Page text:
On the sales rep side, there is experience you can evaluate, so what Kyle recommends is getting back door references. These are not references from the candidate themselves. B2B SaaS is a small world so surely you can find someone who knows the candidate. Also in this environment, you can ask the AE to actually do work before and after the interview to prove themselves. Make them do a case study of how they would handle a complex sales process with a prospect. In 2021, you could never ask for this, but in this environment, you can ask the AE to do some work that proves themselves.

If your ICP has deteriorated, what do you do and how do you rediscover the ICP? “You have to figure out why the ICP is deteriorating. For instance, did you even have the ICP nailed or were you just the beneficiary of a good macro environment in 2020 and 2021? Everyone was able to sell in a good environment so there are some companies with deteriorating ICPs that really never had the ICP nailed. Now that we’re in a challenging environment, whoever you’re closing deals with now is the real ICP. Who you sold to during better times may not have been the ICP. You may have just been getting lucky. Also within your current customer base, look at who is straining the support function. Whoever is straining the support function may not be the ideal customer.”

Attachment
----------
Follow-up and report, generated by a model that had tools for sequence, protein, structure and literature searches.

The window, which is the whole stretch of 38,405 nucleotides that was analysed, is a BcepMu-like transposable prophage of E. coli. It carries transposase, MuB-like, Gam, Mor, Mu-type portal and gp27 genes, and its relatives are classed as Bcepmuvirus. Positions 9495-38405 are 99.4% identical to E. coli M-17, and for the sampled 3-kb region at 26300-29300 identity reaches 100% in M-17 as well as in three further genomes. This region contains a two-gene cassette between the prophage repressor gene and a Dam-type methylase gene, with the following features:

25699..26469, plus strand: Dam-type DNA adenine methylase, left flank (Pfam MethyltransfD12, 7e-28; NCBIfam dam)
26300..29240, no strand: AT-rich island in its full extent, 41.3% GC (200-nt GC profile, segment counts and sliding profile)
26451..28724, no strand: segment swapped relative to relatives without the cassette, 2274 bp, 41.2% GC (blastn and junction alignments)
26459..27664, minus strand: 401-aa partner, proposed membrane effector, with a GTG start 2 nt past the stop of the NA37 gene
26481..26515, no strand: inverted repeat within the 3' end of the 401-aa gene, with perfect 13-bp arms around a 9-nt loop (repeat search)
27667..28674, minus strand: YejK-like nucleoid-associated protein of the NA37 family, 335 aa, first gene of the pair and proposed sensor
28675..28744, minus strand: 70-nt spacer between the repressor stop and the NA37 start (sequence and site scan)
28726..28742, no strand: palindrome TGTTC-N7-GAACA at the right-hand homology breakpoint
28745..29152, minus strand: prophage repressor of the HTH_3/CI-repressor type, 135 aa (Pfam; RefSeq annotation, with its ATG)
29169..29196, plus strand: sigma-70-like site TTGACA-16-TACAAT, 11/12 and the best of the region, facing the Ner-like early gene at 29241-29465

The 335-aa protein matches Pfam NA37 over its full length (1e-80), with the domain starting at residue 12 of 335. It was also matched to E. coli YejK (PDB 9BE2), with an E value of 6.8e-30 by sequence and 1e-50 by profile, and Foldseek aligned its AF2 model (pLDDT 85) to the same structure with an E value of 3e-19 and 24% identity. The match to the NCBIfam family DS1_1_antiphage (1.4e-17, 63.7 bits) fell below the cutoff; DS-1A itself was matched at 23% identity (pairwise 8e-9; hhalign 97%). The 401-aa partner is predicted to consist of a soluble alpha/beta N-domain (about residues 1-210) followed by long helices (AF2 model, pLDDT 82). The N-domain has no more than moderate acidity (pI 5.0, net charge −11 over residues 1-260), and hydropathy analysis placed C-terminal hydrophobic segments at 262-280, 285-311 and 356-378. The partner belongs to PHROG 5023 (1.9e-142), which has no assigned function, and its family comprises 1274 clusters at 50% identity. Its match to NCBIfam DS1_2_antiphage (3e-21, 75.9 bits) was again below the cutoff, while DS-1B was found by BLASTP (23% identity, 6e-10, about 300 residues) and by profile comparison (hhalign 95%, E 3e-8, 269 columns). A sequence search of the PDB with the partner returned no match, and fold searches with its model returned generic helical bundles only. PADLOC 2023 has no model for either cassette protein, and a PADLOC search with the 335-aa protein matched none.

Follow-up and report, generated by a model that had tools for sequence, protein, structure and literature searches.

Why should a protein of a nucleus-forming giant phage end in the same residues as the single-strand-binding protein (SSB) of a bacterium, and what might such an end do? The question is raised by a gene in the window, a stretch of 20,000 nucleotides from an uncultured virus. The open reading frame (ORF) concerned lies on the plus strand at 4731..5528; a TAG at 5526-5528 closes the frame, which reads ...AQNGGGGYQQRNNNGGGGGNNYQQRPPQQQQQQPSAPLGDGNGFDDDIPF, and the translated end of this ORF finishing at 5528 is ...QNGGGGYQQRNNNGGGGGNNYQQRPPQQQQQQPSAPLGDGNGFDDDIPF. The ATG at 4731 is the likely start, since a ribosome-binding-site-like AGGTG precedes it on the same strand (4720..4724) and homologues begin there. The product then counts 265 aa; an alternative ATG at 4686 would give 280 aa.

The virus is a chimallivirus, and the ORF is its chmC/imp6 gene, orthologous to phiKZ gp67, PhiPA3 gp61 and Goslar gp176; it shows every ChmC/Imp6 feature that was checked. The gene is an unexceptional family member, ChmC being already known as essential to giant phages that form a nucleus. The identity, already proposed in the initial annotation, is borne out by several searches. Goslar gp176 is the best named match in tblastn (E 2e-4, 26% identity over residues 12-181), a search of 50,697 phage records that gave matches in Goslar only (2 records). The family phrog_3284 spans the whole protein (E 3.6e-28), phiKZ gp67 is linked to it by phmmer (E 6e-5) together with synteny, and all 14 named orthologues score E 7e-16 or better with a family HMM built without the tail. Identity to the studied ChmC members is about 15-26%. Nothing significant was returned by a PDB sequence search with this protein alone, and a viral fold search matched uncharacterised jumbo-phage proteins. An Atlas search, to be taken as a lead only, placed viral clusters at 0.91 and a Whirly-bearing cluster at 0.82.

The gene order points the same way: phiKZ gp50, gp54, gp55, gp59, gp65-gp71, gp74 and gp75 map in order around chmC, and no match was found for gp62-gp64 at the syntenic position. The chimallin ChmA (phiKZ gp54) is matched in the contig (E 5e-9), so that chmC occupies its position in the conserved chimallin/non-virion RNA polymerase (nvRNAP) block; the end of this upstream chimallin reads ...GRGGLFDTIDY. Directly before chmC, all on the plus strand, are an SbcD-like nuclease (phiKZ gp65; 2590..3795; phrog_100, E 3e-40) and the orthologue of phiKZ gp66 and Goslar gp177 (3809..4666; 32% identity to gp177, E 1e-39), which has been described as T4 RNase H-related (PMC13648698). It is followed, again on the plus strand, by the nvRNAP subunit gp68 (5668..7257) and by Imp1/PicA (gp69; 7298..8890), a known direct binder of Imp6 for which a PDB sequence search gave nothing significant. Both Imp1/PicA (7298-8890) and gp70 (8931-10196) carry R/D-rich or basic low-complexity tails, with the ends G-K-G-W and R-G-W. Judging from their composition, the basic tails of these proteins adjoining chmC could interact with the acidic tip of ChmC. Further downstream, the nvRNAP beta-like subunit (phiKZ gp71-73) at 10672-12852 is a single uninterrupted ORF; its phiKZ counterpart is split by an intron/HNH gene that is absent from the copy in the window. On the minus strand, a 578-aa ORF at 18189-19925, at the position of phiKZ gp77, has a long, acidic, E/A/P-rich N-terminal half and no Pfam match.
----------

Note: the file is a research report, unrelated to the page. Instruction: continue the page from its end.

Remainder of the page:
Our conversation with Kyle from Q3 2023 is below

What are the generally trends in enterprise SaaS sales that you’re seeing? “We are seeing a drastic difference in the hiring market. It used to be a candidate favorable market and now it’s an employer favorable market. Voluntary attrition is down. The number of candidates applying for a job is up, so candidate-company fit has really improved. Companies no longer have to settle for a particular hire, rather they can hire the best-fit candidate and don’t have to bring on iffy clients. If you’re hiring, now is the time when you can get pickier.“

If the sales cycle blows out, what can be done? “When sales cycles blow out, you have to really focus on the ideal customer profile. Focusing on the ICP becomes critical. When the market is buoyant and everyone is buying product, you can get loose on the ICP but in this environment, you need to optimize for ICP so your sales efforts yield bookings. It may not exactly reduce the sales cycle, but worst case it should improve churn, increase close rates, keep average contract values where they should be, and yield all the other benefits of hitting the ICP.”

What is the return on an AE? “The metric to look at is bookings/on-target earnings of the rep. Historically the target was 5x. In other words, if you have an account executive that is making $200k all-in (set up as 50/50 salary/commission), that AE needs to achieve $1mm in bookings. While you don’t want the ratio to fall to 4x or 3x, what really matters is looking at each AE relative to their peer group. All AE’s should be benchmarked to each other and if possible, other AE’s in the industry that are not at your organization. So, if your current reps are doing 4x generally keeps those that are doing 4x, however if you have someone fall to 3x, they need to improve or else be replaced. There is no need to settle for an account executive that is underperforming their peers.”